In an illustrative embodiment, real time PCR is performed using TaqMan® probes in combination with a suitable amplification/analyzer such as the ABI Prism® 7900HT Sequence Detection System. The ABI PRISM® 7900HT Sequence Detection System is a high-throughput real-time PCR system that detects and quantitates nucleic acid sequences. Briefly, TaqMan® probes specific for the amplified target or marker sequence are included in the PCR amplification reaction. These probes contain a reporter dye at the 5' end and a quencher dye at the 3' end. Probes hybridizing to different target or marker sequences are conjugated with a different fluorescent reporter dye. During PCR, the fluorescently labeled probes bind specifically to their respective target or marker sequences; the 5' nuclease activity of Taq polymerase cleaves the reporter dye from the probe and a fluorescent signal is generated. The increase in fluorescence signal is detected only if the target or marker sequence is complementary to the probe and is amplified during PCR. A mismatch between probe and target greatly reduces the efficiency of probe hybridization and cleavage. The ABI Prism 7700HT or 7900HT Sequence detection System measures the increase in fluorescence during PCR thermal cycling, providing "real time" detection of PCR product accumulation. Real time detection on the ABI Prism 7900HT or 7900HT Sequence Detector monitors fluorescence and calculates Rn during each PCR cycle. The threshold cycle, or Ct value, is the cycle at which fluorescence intersects the threshold value. The threshold value is determined by the sequence detection system software or manually.
 Exemplary allele-specific probe sequences for detecting the G polymorphism at SNP position rs1617640 of the EPO promoter in a TaqMan assay are shown in Table 2 below.
TABLE-US-00003 TABLE 2 Exemplary Allele-Specific TaqMan ® Probes Sequence Description (5' to 3') SEQ ID NO: TaqMan WT (G902) TCACTCATCTGGC SEQ ID NO: 5 Allele-Specific Probe TaqMan Mutant (A902) TCACTCCTCTGGC SEQ ID NO: 6 Allele-Specific Probe
 Other methods of probe hybridization detected in real time can be used for detecting amplification a target or marker sequence flanking a tandem repeat region. For example, the commercially available MGB Eclipse® probes (Epoch Biosciences), which do not rely on a probe degradation can be used. MGB Eclipse® probes work by a hybridization-triggered fluorescence mechanism. MGB Eclipse® probes have the Eclipse®Dark Quencher and the MGB positioned at the 5'-end of the probe. The fluorophore is located on the 3'-end of the probe. When the probe is in solution and not hybridized, the three dimensional conformation brings the quencher into close proximity of the fluorophore, and the fluorescence is quenched. However, when the probe anneals to a target or marker sequence, the probe is unfolded, the quencher is moved from the fluorophore, and the resultant fluorescence can be detected.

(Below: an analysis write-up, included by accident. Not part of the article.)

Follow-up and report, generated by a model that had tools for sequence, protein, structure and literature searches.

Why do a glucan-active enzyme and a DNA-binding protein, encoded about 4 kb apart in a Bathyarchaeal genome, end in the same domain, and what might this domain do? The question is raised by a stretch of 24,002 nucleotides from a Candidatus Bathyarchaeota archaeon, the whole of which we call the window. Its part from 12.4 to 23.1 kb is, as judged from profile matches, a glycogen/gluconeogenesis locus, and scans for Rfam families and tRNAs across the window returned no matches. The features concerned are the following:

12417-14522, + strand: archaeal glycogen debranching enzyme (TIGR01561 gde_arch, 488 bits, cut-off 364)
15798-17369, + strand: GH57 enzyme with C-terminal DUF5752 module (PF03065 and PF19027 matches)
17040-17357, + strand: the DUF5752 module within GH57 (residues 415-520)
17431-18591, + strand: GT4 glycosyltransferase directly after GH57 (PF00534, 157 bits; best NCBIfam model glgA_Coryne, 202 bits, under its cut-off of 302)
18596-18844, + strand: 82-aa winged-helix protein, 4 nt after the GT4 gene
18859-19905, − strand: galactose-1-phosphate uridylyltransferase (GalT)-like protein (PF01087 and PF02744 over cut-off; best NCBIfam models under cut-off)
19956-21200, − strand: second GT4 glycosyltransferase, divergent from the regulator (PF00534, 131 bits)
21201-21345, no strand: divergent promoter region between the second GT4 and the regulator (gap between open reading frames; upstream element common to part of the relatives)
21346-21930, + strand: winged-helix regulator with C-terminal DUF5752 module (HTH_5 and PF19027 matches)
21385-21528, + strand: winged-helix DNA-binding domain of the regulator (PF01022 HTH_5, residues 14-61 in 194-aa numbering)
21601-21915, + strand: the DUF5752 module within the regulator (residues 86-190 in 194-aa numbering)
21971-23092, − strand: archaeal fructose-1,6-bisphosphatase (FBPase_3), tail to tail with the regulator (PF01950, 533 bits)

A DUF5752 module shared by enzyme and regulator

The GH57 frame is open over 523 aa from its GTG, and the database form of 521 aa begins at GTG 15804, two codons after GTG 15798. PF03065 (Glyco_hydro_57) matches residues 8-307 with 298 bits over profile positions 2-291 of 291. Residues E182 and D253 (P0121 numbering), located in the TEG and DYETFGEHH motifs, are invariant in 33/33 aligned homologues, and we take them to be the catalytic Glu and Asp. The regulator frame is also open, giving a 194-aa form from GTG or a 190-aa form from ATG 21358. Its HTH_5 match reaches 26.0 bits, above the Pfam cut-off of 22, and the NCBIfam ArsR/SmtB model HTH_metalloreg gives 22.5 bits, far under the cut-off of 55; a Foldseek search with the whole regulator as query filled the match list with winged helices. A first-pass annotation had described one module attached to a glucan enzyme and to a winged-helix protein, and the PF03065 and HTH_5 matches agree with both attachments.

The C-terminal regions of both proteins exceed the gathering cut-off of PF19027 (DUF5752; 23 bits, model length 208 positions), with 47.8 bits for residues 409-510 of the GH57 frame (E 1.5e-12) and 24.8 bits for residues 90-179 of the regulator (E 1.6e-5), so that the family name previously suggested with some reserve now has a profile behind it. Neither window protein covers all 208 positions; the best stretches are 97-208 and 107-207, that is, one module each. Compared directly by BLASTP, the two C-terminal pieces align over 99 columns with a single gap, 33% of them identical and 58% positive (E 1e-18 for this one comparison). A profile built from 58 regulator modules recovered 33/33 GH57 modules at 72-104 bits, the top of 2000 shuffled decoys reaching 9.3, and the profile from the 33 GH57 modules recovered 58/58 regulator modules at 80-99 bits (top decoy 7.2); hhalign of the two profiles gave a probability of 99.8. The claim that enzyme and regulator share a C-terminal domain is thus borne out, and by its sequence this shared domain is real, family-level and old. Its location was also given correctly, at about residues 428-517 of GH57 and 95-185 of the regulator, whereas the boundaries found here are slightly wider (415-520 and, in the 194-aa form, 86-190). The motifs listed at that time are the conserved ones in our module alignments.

Oligonucleotide probes can be designed which are between about 10 and about 100 nucleotides in length and hybridize to the amplified region. Oligonucleotides probes are preferably 12 to 70 nucleotides; more preferably 15-60 nucleotides in length; and most preferably 15-25 nucleotides in length. The probe may be labeled. Amplified fragments may be detected using standard gel electrophoresis methods. For example, in preferred embodiments, amplified fractions are separated on an agarose gel and stained with ethidium bromide by methods known in the art to detect amplified fragments.
 Another suitable detection methodology involves the design and use of bipartite primer/probe combinations such as Scorpion® probes. These probes perform sequence-specific priming and PCR product detection is achieved using a single molecule. Scorpion® probes comprise a 3' primer with a 5' extended probe tail comprising a hairpin structure which possesses a fluorophore/quencher pair. The probe tail is "protected" from replication in the 5' to 3' direction by the inclusion of hexethlyene glycol (HEG) which blocks the polymerase from replicating the probe. The fluorophore is attached to the 5' end and is quenched by a moiety coupled to the 3' end. After extension of the Scorpion® primer, the specific probe sequence is able to bind to its complement within the extended amplicon thus opening up the hairpin loop. This prevents the fluorescence from being quenched and a signal is observed. A specific target is amplified by the reverse primer and the primer portion of the Scorpion®, resulting in an extension product. A fluorescent signal is generated due to the separation of the fluorophore from the quencher resulting from the binding of the probe element of the Scorpion® to the extension product. Such probes are described in Whitcombe et al., Nature Biotech 17: 804-807 (1999).